CINCINNATI — Four Greater Cincinnati high school football games canceled last week due to the number of COVID-19 quarantined student-athletes.
Three games are canceled this Friday and another contest is already off the schedule for Sept. 3.
These cancellations, or what are considered no contests in Ohio, may only be the beginning this fall season. The reality is a sobering thought after a significant challenge for schools during the 2020-21 school year.
"I don't unfortunately see it changing which stinks," Wyoming High School athletic director Jan Wilking said. "It's going to continue to be a mad shuffle for games and to get everybody back at school and doing the right thing. I wish we were in this for the short run but unfortunately it's looking like another school year of mad shuffling and trying to just piece things together which will be a lot."
The natural reaction during this time of the delta variant is to wonder if history is repeating itself from 2020 when a number of games around Ohio were canceled in the first few weeks.
"No, I do not believe it's a here we go again situation," said Lakota West athletic director Scott Kaufman, who is the Ohio High School Athletic Association board of directors president. "I do believe it's time to reset and go back to some protocols from last year to minimize the number of quarantines that we're going through."
On Wednesday, the National Federation of State High School Athletic Associations announced it has partnered with the NCAA, the U.S. Olympic and Paralympic Committee, the National Athletic Trainers' Association, eight national medical organizations and the U.S. Department of Education to promote COVID-19 vaccination in school-age students ages 12-18.
The District of Columbia, Hawaii and Connecticut are among the state athletic associations with campaigns to promote vaccinations.
The Hawaii High School Athletic Association has delayed its football season to Sept. 24 and is requiring all student-athletes, staff and volunteers to be fully vaccinated.
In Ohio, there are no state mandates regarding vaccinations, masks and social distancing. School districts and local health departments could set their own requirements.
Wilking said the parameters are clear in Wyoming City Schools for students to be able to fully participate in school and interscholastic athletics.
"As far as what we can do to prevent outbreaks and to keep kids in school which is what we all want whether they're being the star of the play or the star of the tennis team; you know vaccinations help," Wilking said. "You don't have to quarantine if you are vaccinated and masking helps."
Kaufman said too many people entered this fall season thinking circumstances were back to normal. Now is the time for teams to look in the mirror and take full responsibility.
"What are you willing to sacrifice in order to save your season?" Kaufman said. "We know the delta variant is more contagious than what we dealt with a year ago. And it's hard to believe that we are dealing with something worse than a year ago. It's a shame we are dealing with it because we have a solution."
If a student-athlete tests positive for COVID-19, that individual has to isolate for 10 days and receive medical clearance to return to play.
If a student-athlete is unmasked and unvaccinated and considered to be a close contact, the quarantine is a minimum of 10 days but that can be reduced to eight days if a negative test occurs after five days.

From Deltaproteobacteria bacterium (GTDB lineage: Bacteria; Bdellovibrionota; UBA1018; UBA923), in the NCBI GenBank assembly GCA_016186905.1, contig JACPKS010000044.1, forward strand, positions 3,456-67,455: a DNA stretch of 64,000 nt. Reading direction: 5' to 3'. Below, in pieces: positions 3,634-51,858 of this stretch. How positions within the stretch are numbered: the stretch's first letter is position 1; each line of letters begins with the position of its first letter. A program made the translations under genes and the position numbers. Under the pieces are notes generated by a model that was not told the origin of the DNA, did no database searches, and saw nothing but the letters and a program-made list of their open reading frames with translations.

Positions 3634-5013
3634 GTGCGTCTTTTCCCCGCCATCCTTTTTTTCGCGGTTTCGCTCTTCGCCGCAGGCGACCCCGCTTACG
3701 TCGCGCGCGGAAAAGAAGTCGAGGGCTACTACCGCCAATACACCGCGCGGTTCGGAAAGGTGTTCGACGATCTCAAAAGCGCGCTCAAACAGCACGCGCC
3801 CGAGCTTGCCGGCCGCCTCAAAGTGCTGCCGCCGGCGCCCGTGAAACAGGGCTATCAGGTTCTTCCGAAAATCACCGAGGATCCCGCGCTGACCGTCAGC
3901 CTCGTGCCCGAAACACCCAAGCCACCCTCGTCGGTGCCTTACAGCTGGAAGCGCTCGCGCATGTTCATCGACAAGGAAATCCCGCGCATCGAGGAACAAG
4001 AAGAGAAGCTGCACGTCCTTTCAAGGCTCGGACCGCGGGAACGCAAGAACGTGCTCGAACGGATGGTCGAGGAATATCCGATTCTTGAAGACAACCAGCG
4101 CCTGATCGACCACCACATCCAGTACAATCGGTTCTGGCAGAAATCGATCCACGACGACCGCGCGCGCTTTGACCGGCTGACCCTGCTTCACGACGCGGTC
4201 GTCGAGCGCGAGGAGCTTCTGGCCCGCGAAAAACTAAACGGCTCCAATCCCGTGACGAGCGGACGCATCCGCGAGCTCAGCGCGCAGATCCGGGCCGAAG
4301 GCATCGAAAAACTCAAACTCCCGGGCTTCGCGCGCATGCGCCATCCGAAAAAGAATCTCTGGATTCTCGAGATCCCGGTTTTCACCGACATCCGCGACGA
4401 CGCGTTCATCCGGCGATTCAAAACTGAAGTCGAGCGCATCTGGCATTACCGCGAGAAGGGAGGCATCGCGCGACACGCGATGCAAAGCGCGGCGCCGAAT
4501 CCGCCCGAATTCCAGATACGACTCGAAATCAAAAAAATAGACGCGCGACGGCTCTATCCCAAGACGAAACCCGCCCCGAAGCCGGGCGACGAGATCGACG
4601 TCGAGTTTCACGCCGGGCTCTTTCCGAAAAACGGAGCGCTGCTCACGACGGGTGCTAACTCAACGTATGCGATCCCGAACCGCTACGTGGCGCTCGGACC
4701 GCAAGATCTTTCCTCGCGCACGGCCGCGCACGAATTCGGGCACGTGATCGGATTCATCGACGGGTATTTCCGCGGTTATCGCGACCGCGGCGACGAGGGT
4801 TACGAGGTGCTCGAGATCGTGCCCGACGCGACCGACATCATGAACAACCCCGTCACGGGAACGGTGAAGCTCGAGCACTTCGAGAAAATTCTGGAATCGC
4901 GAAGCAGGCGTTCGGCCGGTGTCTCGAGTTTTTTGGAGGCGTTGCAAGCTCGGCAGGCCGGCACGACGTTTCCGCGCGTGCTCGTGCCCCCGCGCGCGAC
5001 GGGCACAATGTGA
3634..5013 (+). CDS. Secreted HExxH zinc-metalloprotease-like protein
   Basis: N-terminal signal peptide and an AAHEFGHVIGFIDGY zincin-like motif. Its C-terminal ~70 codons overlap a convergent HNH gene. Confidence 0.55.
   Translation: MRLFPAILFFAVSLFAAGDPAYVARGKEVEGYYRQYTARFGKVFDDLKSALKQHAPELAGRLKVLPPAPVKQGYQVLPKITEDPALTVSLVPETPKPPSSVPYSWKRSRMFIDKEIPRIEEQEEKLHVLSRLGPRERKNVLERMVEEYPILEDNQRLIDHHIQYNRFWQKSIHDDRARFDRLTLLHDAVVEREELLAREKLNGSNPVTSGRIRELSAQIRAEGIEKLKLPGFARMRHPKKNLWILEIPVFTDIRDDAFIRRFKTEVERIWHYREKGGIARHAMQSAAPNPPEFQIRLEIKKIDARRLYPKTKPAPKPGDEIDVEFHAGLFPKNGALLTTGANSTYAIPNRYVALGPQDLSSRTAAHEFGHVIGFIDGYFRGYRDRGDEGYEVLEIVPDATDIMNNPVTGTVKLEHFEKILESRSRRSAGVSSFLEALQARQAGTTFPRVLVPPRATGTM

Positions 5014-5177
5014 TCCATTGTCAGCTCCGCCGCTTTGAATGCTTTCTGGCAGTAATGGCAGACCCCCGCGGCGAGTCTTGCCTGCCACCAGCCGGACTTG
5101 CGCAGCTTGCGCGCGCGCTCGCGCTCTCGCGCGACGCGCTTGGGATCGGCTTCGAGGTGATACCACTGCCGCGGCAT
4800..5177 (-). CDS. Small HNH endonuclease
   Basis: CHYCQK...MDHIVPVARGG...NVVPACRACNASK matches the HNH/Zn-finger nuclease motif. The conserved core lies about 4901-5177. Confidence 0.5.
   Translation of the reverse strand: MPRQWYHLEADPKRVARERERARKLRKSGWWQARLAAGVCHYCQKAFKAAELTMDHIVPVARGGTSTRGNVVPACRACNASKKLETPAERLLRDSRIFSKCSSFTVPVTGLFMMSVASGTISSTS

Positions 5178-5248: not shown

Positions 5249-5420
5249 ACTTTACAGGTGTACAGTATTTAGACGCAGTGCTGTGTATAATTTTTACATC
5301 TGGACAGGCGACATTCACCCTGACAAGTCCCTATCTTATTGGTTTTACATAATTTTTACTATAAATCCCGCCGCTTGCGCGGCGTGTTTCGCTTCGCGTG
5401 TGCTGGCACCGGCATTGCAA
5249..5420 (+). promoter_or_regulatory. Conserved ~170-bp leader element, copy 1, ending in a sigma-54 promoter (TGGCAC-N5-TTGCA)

"We all need to be going back to our protocols and restrictions athletically that we started with last fall," Kaufman said. "Everything that we did last fall was designed to keep the kids healthy, to minimize the possibility of A: infection but B: being quarantined because of a close contact."
The Ohio High School Athletic Association said 16 season openers were canceled statewide last week.
The OHSAA said last week it is discussing policies related to COVID-19 cancellations and how that might impact the Harbin ratings, also known as the computer points playoff system.
Prior to 2020, there was an eight-game minimum in order to qualify for the postseason.
In Kentucky, there were 17 high school football games canceled out of 120 contests scheduled last week, according to the Kentucky High School Athletic Association.
Six games have been canceled this week out of 117 scheduled on the KHSAA website.
"Schools just send us a report," KHSAA spokesperson Dan White said. "They go through the website and they report that game as a COVID cancellation and they are able to say if the COVID situation is with the home team or if it's with the visitor team."
The result is initially entered as the team with the quarantined student-athletes takes a loss while the opposing team receives the win. There are also procedures if both teams are in quarantine.
White said teams may choose to reschedule that canceled game or find other opponents which would change the initial result.
Cancellations involving soccer games and girls volleyball matches are also tracked weekly, White said.
"The (KHSAA) commissioner (Julian Tackett) is always in communication with the schools," White said. "Our COVID-19 guidance is up on the website so schools have been sent that. Obviously, keeping track of the virus as it changes."
Athletic administrators know circumstances change from hour to hour. They are starting to wonder about the winter season, too.
"It concerns me because we're still in summer months and if we don't get this more under control with the help of vaccinations by the time it gets colder and we're indoors, I worry about how many more steps backwards we're going to take," Kaufman said.